I also dig the lyric, dated although they may be:

“Heavy metal, hard-core, punk, pop, or thrash,
You can call it anything, it don’t matter to me,
Call it what you want,
It’s all music to me.”

I think Tesla more than most hard rock bands around in 1991 were about breaking down boundaries between genres, and I’m sure this lyric was sincere to them.  I know guitarist Tommy Skeoch had a thrash side project going at the time called Thrash Tandoori.

I hate when bands use a regular album track as a B-side!  Nonetheless, “Freedom Slaves” is one of the best (if not the best) song from Psychotic Supper.  This is the hard rock/heavy metal side of Tesla shining through.  A Leppardy riff accompanies a song that boasts an anthemic chorus and dark verses.

The next two tracks are both previously unreleased, and both are covers.  “Children’s Heritage” is what I’d call an obscure cover!  I’ve never heard this, nor the band that wrote it, Bloodrock a 70’s band from Texas.  It’s a good song, straight ahead riff based hard rock.  It’s also self produced by Tesla, and is a lot looser than the album material.

More familiar is the old blues classic “Cotton Fields”, rocked up and slowed down from its CCR incarnation.  It bares almost no resemblance to the classic Leadbelly version, but it does rock.  Dirty slide guitars and wah-wah solos render this version almost as if Zeppelin were covering it.  That’s the overall vibe anyway, and few hard rock artists were sounding this raw and authentic in 1991!

In a rare  (I assure you) lapse of memory, I’ve forgotten where I got this CD.  I think Trevor got it in used, at his store, and sent it to me.  This would make sense, since one of his customers, Gord Taylor, used to sell him metal CD singles that he bought in Europe.  So that piece fits the puzzle.  Either way, whoever originally bought it paid £4.50 at HMV.

Tesla singles are rare in these parts, but thankfully both of these B-sides are now available on the compilation Tesla Gold.

4/5 stars


REVIEW: Tesla – Psychotic Supper (1991)

“We’re just children of the 60’s, watched the 70’s go by.  Now we made it through the 80’s, my my how time does fly!” – Jeff Keith

TESLA – Psychotic Supper (Geffen, 1991)

Psychotic Supper, the 3rd studio album by Tesla, is thus far their most adventurous and experimental. Is is neither as immediate as Mechanical Resonance nor as focused as The Great Radio Controversy, instead focusing on longer song structures and diverse influences.  It is difficult to penetrate, and even once you do finally dig in, there are some songs that simply refuse to stick to the memory. However one must applaud Tesla for sheer musical ability and refusal to do the commercial thing and sell out for the long awaited third album.

Taking their love of Nikola Tesla to the nth degree, they present a history lesson in the smokin’ “Man Out Of Time Edison’s Medicine”. What an incredible song. I still remember seeing the music video and being blown away by the solos. Not only are there guitar solos, but Tommy Skeoch torments the theremin, before Frank Hannon slipps on a bass and plays a bass solo too!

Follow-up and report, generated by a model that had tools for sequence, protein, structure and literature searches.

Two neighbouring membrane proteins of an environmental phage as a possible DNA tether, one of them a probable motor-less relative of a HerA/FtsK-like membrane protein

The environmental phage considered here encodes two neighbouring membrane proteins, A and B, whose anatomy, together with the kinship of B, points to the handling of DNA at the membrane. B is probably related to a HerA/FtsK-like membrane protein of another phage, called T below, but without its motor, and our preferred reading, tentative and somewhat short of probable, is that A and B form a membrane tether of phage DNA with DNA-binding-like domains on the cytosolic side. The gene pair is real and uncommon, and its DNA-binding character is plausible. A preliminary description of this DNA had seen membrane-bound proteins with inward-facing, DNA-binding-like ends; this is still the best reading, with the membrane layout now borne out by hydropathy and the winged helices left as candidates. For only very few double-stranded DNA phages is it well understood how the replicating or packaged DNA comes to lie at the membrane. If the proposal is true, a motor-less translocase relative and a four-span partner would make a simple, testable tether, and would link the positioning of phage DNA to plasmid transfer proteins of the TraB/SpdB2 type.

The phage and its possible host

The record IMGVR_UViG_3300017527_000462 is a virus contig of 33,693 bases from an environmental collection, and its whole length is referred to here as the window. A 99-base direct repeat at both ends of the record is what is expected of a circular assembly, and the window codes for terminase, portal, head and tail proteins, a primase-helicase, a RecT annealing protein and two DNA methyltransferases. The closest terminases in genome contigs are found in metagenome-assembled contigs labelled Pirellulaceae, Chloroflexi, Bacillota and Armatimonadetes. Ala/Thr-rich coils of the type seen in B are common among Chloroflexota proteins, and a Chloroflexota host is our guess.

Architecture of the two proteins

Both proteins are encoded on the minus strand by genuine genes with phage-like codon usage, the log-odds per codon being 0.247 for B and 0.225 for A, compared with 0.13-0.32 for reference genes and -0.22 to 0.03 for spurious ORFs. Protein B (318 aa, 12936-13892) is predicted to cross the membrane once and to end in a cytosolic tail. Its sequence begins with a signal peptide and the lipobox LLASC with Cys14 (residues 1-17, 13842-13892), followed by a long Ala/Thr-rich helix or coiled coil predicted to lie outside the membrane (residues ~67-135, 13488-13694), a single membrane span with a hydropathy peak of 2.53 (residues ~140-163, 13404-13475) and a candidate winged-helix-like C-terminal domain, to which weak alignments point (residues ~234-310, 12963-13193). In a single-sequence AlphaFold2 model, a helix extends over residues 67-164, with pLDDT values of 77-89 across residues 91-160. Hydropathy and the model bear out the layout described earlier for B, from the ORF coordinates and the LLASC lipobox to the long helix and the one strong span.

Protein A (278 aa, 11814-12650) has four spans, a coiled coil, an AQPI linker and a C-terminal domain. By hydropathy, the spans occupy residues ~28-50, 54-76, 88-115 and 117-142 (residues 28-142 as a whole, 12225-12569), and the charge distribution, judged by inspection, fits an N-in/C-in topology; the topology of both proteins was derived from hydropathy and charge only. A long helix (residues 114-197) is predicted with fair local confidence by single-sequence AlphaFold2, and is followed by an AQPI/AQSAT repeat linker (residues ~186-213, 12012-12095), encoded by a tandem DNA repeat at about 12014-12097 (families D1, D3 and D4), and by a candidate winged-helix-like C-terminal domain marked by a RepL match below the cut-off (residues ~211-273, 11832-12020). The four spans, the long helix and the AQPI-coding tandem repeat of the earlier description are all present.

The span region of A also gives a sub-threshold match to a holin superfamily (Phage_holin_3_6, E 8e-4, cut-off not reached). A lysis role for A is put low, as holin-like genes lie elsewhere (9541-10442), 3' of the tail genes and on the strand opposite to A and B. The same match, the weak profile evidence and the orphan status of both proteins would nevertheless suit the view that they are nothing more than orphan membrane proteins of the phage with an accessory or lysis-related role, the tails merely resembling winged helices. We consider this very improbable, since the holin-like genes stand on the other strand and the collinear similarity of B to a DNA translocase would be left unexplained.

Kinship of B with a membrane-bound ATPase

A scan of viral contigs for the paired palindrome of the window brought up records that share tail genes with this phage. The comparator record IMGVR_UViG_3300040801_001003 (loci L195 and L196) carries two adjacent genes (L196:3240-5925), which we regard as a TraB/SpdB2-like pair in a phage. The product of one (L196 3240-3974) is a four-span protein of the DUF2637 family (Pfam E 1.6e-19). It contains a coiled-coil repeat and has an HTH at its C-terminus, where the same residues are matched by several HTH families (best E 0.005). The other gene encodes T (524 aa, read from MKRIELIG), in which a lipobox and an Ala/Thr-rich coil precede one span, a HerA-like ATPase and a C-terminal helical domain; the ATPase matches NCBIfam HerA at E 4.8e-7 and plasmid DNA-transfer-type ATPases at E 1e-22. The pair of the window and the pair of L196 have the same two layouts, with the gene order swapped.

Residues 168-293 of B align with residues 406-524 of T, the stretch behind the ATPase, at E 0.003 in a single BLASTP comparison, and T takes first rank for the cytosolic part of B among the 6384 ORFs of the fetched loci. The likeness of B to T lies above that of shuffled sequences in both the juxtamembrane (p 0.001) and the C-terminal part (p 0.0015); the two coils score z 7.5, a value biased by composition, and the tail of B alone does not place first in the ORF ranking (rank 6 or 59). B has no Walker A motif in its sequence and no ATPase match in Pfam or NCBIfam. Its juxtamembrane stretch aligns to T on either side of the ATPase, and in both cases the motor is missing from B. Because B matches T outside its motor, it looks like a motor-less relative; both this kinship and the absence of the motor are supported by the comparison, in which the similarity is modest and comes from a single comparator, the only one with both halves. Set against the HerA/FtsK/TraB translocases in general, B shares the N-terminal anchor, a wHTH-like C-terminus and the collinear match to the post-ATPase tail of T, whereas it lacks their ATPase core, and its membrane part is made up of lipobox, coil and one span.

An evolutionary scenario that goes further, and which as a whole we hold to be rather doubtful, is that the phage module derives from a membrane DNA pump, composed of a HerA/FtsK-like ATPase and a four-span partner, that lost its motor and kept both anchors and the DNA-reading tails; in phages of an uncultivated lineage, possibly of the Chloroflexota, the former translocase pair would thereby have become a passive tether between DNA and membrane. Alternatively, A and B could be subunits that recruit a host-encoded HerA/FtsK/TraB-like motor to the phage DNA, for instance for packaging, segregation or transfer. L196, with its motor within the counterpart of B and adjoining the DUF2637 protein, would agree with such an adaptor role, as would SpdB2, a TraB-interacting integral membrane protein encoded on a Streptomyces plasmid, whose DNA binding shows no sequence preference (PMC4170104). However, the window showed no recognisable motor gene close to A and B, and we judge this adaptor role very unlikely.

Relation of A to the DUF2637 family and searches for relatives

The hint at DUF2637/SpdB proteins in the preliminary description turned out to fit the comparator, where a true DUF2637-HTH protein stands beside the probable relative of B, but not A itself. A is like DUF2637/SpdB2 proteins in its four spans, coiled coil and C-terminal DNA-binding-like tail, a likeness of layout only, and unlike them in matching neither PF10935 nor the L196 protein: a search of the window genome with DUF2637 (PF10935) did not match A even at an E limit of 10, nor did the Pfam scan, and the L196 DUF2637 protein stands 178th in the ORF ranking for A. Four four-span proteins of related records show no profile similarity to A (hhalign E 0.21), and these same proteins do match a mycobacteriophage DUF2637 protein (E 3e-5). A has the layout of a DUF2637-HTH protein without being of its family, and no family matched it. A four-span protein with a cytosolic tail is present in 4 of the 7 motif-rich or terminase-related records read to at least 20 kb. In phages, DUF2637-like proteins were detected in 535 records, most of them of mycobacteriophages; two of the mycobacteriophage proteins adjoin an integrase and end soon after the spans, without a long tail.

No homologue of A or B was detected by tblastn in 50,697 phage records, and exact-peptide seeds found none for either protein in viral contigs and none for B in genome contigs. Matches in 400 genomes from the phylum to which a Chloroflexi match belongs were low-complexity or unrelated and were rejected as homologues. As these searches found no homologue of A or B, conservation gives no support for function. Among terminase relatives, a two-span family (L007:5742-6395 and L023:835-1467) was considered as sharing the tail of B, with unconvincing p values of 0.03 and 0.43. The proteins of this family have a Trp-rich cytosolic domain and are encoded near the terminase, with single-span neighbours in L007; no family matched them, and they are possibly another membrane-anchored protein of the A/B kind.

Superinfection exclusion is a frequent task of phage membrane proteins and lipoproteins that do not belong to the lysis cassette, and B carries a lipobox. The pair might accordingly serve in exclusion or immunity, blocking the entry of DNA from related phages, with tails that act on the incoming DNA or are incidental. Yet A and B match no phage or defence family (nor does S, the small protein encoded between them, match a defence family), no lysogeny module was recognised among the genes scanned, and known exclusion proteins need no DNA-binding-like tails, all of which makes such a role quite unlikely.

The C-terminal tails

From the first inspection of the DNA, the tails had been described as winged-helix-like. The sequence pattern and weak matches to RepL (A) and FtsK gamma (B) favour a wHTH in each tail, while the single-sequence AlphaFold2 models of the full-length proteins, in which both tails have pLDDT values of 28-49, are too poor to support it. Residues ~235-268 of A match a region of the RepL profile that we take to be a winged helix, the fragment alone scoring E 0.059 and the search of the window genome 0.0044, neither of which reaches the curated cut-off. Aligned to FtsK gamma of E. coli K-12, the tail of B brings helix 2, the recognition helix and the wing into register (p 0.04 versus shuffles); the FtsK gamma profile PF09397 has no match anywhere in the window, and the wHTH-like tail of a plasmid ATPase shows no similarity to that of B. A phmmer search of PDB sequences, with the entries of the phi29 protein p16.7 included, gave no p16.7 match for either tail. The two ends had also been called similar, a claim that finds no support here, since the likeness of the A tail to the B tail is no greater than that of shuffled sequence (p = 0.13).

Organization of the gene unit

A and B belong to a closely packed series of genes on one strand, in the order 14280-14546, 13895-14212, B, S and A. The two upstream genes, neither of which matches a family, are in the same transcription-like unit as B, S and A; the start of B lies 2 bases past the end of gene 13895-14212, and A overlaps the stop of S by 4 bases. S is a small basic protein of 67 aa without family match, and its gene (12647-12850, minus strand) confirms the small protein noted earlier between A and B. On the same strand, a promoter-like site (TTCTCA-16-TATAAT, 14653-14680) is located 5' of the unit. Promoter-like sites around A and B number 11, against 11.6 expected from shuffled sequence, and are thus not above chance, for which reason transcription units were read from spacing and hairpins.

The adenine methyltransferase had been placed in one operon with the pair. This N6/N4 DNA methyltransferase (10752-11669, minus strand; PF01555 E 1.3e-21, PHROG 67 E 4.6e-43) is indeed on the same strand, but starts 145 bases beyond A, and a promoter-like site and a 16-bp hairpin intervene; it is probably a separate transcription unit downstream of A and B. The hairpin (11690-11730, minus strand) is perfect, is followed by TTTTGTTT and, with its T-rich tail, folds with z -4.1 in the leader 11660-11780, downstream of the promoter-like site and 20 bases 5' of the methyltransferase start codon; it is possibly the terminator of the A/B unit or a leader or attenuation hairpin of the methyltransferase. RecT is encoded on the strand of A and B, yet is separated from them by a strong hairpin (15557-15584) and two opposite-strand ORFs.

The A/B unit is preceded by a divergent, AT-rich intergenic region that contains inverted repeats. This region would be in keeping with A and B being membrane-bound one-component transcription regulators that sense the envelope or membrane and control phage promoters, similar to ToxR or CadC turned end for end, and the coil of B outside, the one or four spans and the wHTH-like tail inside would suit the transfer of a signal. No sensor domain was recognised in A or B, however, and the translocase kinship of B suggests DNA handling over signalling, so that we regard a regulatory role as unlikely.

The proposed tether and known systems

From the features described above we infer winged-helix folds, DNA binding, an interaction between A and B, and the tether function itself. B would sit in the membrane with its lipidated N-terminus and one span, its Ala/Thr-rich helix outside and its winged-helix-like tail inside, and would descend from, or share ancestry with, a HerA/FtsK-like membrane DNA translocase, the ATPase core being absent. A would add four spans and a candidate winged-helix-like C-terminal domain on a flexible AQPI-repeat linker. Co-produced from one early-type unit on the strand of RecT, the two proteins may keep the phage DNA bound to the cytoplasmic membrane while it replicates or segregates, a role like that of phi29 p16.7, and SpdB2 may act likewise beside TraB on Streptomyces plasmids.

Great rock tunes include: “Change In The Weather”, the groovin’ “Freedom Slaves”, the jokey but smokin’ “Toke About It”, the aforementioned “Edison’s Medicine”, and the thrash-like “Don’t De-Rock Me”. Y’see children, back in the 80’s when Al Gore’s wife Tipper was a founder of a pro-censorship group called the PMRC, there really were places called de-rock centers. You could send your kids to detox them off rock music and turn them onto safe alternatives. No lie. (Is it any wonder that bands like Nine Inch Nails and Nirvana came along during this period?)

There are also a series of long, exploratory songs such as the mournful “Song And Emotion”, dedicated to Steve “Steamin'” Clarke of Def Leppard who passed away in January of that year. Skeoch paid tribute to Clarke’s “Gods of War” parts with his E-bow solo, listen for it.  Tommy Skeoch was a devoted Def Leppard fan, and Tesla had also opened for the Leppard because they shared management.

There are ballads too. I don’t think any are particularly standouts in the way “Love Song” was, but “What You Give” was a respectable hit.  I don’t check out Tesla so much for the ballads (even though they are excellent at them) but for the rockers.  Jeff Keith’s raspy but powerful voice can excel at either.  The man is one of the most underrated singers in rock.

If grunge didn’t hit, I could have imagined this album spawning multiple hit singles and videos for at least a year.

4/5 stars

I only own one single from this album, which is “Call It What You Want”.  It has some interesting B-sides, so tomorrow, we’ll take a look at that one!  Hope to see you then.